"They're new seasons. I said this (Monday) morning ... when you're knocking off just a team in the league, different animal," Hitchcock said. "You're knocking off the defending champion. They're not the defending champion because they have skill, it's because they've got resolve. You're trying to beat their resolve. You're not trying to beat their skill. Everybody's got skill and it is one helluva challenge. Sometimes you do it, and sometimes you don't, but I can tell you one thing, every time we play like we've played, we get better as a team and better as an organization and we get closer and closer.
|(St. Louis Blues photo)|
Vladimir Tarasenko (91) and the Blues couldn't solve Niklas Hjalmarsson
and the Chicago Blackhawks in Game 3 on Monday night.
"They know that we're not going away easy. If we're not good enough at the end of the day, that's fine, but we're not going away in any game. This is the level we're going to play at. We get Backes back in the next two or three games, we're going to even go higher, and if that isn't good enough, that's not good enough, but it has nothing to do with blowing games like some track stars write about. There's a certain resolve that is required to win a championship, and that team over there's got it and we're trying to take it back from them."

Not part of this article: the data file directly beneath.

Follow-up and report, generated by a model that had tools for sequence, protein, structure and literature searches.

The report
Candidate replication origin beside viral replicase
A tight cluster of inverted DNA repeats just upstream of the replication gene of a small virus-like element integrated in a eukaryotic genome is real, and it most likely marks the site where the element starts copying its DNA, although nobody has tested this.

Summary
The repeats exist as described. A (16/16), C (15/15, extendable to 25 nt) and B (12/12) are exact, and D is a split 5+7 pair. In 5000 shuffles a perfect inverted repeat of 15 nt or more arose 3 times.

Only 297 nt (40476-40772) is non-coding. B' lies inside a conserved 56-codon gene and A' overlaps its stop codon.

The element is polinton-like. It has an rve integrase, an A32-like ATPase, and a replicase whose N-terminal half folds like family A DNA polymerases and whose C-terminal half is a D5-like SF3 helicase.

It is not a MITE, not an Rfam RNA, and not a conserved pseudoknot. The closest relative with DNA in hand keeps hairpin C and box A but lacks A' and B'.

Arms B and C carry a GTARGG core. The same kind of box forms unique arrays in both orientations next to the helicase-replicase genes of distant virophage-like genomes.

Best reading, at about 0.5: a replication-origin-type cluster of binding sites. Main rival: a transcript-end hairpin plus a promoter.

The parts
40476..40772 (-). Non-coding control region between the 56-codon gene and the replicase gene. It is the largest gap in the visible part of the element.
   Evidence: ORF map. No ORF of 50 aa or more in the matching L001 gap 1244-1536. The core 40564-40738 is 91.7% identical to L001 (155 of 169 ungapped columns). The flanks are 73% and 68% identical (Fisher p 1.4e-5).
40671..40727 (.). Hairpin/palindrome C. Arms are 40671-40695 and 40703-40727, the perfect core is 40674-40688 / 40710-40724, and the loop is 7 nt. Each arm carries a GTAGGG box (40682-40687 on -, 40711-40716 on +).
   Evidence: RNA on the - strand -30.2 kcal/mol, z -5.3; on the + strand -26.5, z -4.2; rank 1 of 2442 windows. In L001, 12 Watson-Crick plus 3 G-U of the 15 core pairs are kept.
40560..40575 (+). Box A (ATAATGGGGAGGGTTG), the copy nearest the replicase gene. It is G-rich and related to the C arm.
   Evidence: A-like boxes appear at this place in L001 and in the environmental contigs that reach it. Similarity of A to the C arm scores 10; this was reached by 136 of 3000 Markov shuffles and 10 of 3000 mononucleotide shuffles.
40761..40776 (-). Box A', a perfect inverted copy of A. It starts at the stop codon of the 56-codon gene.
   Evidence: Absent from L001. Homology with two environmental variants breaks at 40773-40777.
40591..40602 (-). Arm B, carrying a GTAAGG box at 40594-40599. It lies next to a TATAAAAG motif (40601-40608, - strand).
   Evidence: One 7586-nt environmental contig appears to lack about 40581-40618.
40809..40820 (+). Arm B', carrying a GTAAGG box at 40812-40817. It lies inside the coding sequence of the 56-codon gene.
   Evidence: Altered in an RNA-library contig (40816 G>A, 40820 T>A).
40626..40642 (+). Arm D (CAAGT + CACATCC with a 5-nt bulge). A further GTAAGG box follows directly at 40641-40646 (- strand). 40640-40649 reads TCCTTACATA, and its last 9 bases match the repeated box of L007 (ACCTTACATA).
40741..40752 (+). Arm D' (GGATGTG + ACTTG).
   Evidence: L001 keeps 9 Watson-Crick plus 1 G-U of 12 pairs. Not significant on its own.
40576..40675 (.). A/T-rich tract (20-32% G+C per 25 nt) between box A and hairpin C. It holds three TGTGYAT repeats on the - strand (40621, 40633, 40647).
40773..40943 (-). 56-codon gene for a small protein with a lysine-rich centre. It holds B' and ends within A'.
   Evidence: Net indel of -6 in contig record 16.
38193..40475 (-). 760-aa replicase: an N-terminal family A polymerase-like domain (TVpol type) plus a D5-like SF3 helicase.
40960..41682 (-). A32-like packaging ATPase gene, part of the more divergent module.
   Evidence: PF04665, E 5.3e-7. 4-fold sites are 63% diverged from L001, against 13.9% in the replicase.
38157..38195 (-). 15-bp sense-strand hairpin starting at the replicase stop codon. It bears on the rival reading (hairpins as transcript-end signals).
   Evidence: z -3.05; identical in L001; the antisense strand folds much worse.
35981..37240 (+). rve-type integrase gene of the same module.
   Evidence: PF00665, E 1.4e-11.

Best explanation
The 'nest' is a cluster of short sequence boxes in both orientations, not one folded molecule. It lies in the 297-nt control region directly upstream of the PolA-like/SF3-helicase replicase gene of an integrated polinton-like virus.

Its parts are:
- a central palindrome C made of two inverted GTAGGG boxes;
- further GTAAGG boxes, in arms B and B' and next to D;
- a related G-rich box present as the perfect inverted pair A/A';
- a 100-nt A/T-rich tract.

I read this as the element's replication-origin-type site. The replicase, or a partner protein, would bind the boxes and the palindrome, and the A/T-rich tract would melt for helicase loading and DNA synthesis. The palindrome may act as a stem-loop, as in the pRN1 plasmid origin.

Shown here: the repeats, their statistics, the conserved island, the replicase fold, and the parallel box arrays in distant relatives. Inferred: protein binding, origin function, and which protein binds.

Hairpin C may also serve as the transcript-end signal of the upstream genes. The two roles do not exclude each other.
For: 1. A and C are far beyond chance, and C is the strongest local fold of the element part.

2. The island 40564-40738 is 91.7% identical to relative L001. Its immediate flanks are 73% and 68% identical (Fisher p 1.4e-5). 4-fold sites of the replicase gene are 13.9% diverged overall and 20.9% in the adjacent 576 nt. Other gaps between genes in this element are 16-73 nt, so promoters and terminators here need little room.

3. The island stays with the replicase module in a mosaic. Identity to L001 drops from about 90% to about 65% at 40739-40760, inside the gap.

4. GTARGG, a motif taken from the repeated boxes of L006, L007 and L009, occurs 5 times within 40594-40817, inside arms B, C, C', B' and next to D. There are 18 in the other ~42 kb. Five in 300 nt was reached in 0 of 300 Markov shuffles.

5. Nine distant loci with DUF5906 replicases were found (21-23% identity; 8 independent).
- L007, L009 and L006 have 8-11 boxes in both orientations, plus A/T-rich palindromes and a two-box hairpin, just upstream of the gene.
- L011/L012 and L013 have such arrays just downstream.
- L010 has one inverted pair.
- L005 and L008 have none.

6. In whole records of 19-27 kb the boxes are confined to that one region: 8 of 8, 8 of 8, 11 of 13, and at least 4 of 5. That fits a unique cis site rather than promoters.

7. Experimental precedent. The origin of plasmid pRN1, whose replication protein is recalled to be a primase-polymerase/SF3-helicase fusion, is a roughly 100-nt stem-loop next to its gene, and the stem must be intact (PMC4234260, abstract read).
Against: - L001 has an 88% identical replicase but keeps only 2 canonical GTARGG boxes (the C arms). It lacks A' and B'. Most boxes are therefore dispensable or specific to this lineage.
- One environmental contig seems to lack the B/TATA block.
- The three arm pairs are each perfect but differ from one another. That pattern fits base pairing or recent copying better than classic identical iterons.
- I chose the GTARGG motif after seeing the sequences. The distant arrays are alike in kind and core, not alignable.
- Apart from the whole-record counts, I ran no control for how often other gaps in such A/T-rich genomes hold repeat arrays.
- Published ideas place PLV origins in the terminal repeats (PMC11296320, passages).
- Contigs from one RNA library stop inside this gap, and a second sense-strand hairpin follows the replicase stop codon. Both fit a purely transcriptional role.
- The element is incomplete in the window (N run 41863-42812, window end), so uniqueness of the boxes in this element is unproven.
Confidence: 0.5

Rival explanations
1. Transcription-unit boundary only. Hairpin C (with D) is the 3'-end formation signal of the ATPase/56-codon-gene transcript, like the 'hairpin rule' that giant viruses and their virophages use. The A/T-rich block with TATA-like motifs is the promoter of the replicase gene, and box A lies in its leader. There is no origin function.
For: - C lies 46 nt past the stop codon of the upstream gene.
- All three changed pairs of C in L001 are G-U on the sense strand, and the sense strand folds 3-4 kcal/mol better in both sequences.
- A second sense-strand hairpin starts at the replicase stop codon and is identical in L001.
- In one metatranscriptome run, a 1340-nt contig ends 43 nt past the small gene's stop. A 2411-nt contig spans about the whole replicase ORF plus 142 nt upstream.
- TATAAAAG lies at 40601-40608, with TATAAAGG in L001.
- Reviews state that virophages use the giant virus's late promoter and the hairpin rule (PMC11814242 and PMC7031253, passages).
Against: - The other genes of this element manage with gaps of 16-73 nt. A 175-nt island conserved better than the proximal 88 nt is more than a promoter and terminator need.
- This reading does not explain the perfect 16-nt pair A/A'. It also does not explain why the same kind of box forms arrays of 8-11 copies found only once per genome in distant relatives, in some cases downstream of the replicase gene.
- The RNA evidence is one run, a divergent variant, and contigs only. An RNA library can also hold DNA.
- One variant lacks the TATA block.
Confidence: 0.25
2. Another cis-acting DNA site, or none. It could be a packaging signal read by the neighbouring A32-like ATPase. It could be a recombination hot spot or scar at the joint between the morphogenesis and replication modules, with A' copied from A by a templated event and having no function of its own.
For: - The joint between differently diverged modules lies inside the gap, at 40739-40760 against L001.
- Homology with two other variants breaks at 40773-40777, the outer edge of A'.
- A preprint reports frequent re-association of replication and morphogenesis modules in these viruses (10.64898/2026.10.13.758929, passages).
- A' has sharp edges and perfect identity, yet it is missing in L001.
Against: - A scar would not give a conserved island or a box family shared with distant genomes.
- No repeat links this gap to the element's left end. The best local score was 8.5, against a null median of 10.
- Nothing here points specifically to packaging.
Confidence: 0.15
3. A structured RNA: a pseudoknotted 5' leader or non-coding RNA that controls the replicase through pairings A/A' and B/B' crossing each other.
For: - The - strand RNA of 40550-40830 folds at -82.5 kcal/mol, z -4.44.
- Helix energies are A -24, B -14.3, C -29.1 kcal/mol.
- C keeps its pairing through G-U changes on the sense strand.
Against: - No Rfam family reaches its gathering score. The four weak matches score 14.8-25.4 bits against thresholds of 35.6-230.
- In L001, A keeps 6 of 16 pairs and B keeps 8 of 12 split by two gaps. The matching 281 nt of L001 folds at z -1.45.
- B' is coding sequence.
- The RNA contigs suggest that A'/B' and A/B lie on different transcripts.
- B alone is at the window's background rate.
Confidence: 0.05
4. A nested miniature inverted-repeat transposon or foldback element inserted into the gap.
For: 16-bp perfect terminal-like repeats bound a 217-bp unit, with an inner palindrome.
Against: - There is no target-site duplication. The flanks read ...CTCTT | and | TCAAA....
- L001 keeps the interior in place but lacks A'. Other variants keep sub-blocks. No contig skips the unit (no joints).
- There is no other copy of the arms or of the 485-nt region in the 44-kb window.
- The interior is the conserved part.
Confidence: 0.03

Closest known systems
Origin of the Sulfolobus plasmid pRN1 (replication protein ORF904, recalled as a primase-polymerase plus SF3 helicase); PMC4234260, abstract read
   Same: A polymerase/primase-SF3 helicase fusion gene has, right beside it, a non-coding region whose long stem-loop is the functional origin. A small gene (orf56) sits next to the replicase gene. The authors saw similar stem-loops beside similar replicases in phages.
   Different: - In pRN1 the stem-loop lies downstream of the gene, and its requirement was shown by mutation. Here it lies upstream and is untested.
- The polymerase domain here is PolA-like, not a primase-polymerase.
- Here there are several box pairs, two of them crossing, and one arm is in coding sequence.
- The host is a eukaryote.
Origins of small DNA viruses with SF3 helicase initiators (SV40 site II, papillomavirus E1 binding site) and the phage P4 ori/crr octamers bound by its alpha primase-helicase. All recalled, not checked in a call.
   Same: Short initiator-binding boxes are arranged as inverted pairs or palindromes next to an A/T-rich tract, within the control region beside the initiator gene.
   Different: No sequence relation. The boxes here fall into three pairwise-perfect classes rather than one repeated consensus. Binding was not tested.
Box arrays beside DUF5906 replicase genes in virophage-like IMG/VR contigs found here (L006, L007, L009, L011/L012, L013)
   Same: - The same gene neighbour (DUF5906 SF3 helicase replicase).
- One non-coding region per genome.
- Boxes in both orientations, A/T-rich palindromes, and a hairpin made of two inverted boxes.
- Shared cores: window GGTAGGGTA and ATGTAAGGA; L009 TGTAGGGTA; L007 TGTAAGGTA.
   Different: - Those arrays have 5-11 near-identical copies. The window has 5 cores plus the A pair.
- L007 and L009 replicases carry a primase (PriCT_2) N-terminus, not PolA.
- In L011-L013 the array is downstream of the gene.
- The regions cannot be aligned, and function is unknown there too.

"We're not disappointed in our play," Schwartz said. "We've been playing a good team game, working hard and really creating a lot. It's just the other games, they were going in. Tonight, we didn't get the right bounce. We'll make a few adjustments, but I think we're happy with our effort."
The Blues limited Chicago's firepower most of the game, but as Steen said, "I think we can play even better. I think there's things in our game that we can definitely adjust and tweak.
"Our PK was good tonight and our power play could have won us a game tonight and didn't."